Fig. 6 outlines the steps of a method 90 for establishing a financial account identifier 22 used by consumers purchasing and paying for goods and services from merchants on the Internet. The method 90 comprises the steps of the consumer opening a financial account with a financial institution of his choice 100, the consumer and the financial institution agreeing on rules of operating the financial account 110, the consumer choosing a user friendly identifier for the financial account, the financial institution choosing an operationally friendly identifier for the financial account 120, the consumer displaying a combination of an account identifier and an identifier of the financial institution (forming the financial account identifier 22) , being used by the merchant and the financial institution soliciting its consumers to utilize the financial account identifier 22 as a payment method 130. The financial institution must also market the financial account identifier 22 as being a preferred method of doing business over traditional methods of purchasing and paying for goods and services. It is to be understood that the present invention is not limited to the embodiment described above, but encompasses any and all embodiments within the scope of the following claims .
|Brevet cité||Date de dépôt||Date de publication||Déposant||Titre|
|US5898838 *||30 sept. 1997||27 avr. 1999||Datascape, Inc.||Editor for developing statements to support i/o operation on open network using segregator for segregating protocol statements from application statements upon verification of correspondence|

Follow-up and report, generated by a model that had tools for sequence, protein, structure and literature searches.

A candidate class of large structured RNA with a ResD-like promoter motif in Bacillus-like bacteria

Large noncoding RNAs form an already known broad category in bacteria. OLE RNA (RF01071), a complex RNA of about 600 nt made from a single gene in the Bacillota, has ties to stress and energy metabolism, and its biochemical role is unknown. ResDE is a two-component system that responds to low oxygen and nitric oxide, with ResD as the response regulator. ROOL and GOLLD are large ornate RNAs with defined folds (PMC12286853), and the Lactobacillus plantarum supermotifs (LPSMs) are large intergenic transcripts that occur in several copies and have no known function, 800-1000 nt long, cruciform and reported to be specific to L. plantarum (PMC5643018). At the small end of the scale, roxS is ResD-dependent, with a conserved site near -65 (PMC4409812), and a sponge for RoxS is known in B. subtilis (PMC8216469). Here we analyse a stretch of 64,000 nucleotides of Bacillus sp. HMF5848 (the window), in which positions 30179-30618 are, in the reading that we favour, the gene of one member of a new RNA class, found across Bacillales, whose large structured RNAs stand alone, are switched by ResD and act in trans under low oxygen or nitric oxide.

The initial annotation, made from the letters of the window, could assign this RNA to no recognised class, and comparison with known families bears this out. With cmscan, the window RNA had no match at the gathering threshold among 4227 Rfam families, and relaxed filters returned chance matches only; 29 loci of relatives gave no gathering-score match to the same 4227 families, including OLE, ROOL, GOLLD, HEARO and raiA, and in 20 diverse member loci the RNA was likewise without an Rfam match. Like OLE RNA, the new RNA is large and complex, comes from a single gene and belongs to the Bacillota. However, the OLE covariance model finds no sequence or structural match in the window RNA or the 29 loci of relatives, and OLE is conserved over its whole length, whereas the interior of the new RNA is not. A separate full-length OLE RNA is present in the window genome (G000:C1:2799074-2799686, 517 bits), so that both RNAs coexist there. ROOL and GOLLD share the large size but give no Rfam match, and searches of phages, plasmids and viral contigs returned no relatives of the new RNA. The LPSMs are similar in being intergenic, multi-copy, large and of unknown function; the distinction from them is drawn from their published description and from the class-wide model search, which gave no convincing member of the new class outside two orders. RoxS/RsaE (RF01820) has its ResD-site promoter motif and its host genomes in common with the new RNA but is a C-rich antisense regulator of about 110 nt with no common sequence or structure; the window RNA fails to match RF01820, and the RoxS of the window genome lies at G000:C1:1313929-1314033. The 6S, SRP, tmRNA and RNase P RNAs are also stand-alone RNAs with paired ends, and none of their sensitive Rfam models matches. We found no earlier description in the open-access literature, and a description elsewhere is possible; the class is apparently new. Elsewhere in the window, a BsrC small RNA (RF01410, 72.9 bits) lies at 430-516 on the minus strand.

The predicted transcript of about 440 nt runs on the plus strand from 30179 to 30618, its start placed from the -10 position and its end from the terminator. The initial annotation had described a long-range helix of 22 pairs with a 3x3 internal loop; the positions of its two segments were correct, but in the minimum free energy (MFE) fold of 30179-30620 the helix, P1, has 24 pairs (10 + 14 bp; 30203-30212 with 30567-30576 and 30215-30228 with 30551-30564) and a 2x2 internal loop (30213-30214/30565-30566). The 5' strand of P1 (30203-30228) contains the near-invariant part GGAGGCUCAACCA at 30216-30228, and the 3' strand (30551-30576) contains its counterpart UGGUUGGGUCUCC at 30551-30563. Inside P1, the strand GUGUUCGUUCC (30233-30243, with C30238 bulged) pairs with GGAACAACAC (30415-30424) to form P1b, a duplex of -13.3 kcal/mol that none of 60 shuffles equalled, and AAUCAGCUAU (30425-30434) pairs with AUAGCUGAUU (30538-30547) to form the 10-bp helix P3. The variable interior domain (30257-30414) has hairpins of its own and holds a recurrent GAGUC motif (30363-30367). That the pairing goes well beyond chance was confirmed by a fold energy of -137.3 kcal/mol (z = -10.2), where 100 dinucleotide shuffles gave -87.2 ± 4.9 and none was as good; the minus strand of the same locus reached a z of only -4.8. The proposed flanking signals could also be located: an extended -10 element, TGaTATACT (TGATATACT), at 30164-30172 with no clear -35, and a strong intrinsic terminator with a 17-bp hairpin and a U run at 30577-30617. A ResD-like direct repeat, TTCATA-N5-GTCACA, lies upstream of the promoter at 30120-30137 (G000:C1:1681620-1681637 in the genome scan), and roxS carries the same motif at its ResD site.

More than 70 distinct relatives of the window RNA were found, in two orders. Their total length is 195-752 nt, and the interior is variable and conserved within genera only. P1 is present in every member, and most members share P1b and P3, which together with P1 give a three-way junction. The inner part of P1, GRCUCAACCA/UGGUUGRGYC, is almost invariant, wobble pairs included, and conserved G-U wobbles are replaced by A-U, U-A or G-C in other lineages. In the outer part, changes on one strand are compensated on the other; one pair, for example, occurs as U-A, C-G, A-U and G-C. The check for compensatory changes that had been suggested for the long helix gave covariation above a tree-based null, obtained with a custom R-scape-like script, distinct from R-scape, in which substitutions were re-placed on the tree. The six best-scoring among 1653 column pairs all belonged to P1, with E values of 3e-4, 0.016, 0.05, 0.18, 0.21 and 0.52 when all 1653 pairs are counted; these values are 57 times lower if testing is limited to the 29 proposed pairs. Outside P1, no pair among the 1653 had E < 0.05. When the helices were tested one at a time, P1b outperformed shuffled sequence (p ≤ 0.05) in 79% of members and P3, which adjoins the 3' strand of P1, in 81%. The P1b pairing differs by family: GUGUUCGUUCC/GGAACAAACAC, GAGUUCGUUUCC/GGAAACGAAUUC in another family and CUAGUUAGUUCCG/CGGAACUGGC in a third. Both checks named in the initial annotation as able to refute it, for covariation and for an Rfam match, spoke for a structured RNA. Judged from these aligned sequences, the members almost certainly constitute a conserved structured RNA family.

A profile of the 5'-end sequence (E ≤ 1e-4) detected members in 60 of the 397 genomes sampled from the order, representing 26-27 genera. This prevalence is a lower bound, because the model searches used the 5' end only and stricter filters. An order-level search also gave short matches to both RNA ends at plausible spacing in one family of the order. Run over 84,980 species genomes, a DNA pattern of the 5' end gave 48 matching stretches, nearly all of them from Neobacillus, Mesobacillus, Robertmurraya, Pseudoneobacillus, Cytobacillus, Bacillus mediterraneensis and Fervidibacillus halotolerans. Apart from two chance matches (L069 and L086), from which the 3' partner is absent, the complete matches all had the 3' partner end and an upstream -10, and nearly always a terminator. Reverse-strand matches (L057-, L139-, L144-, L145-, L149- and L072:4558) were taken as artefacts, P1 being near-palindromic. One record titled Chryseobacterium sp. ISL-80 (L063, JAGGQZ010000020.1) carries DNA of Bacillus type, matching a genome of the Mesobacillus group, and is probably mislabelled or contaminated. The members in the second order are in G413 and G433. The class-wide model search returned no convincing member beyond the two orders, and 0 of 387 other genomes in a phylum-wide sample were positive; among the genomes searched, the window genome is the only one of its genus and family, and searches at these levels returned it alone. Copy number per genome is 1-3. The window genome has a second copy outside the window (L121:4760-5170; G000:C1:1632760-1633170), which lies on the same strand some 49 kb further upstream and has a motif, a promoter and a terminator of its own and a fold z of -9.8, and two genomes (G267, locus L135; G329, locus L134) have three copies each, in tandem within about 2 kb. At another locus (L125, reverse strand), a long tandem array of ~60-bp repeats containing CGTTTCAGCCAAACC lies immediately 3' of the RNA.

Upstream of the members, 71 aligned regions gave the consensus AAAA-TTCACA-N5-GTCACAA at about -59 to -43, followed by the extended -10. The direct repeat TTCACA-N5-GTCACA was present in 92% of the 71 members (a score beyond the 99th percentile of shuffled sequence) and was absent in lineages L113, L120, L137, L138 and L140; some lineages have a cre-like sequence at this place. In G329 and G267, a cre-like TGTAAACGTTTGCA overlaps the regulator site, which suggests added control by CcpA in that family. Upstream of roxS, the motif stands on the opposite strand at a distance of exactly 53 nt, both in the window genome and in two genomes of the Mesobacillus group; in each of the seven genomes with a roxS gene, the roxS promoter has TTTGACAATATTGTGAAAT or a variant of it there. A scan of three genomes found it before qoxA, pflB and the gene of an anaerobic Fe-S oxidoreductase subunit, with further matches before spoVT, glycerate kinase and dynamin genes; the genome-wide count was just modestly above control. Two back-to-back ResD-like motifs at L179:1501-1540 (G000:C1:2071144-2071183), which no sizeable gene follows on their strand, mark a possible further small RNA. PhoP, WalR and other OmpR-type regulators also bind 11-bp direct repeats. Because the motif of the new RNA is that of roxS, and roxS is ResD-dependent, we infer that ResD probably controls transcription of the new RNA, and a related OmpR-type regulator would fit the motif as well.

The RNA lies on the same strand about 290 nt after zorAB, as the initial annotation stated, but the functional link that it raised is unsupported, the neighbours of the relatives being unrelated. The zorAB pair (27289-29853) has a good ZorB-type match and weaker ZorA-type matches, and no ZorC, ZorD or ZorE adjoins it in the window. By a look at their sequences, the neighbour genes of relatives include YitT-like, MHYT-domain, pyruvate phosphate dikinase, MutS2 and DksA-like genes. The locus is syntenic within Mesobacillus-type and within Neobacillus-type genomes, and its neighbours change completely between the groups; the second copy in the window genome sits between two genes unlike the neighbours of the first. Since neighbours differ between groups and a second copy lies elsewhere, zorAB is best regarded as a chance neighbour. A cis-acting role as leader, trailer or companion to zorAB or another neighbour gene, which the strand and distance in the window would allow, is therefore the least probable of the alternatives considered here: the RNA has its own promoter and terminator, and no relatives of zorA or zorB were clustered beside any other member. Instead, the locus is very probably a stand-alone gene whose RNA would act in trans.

|US5971272 *||19 août 1997||26 oct. 1999||At&T Corp.||Secured personal identification number|
|US5999596 *||6 mars 1998||7 déc. 1999||Walker Asset Management Limited||Method and system for controlling authorization of credit card transactions|
|US6029150 *||4 oct. 1996||22 févr. 2000||Certco, Llc||Payment and transactions in electronic commerce system|
|US6064990 *||31 mars 1998||16 mai 2000||International Business Machines Corporation||System for electronic notification of account activity|
|Classification internationale||G06Q30/00, G06Q20/00|
|Classification coopérative||G06Q30/06, G06Q20/04, G06Q20/385, G06Q20/12|
|Classification européenne||G06Q20/04, G06Q30/06, G06Q20/12, G06Q20/385|
|13 sept. 2001||AK||Designated states|
Kind code of ref document: A1
Designated state(s): AE AL AM AT AU AZ BA BB BG BR BY CA CH CN CR CU CZ DE DK DM EE ES FI GB GD GE GH GM HR HU ID IL IN IS JP KE KG KP KR KZ LC LK LR LS LT LU LV MA MD MG MK MN MW MX NO NZ PL PT RO RU SD SE SG SI SK SL TJ TM TR TT TZ UA UG US UZ VN YU ZA ZW
|13 sept. 2001||AL||Designated countries for regional patents|
Kind code of ref document: A1
Designated state(s): GH GM KE LS MW SD SL SZ TZ UG ZW AM AZ BY KG KZ MD RU TJ TM AT BE CH CY DE DK ES FI FR GB GR IE IT LU MC NL PT SE BF BJ CF CG CI CM GA GN GW ML MR NE SN TD TG
|7 nov. 2001||121||Ep: the epo has been informed by wipo that ep was designated in this application|
|14 août 2002||REG||Reference to national code|
Ref country code: DE
Ref legal event code: 8642
|8 janv. 2003||122||Ep: pct application non-entry in european phase|
|16 janv. 2004||NENP||Non-entry into the national phase in:|
Ref country code: JP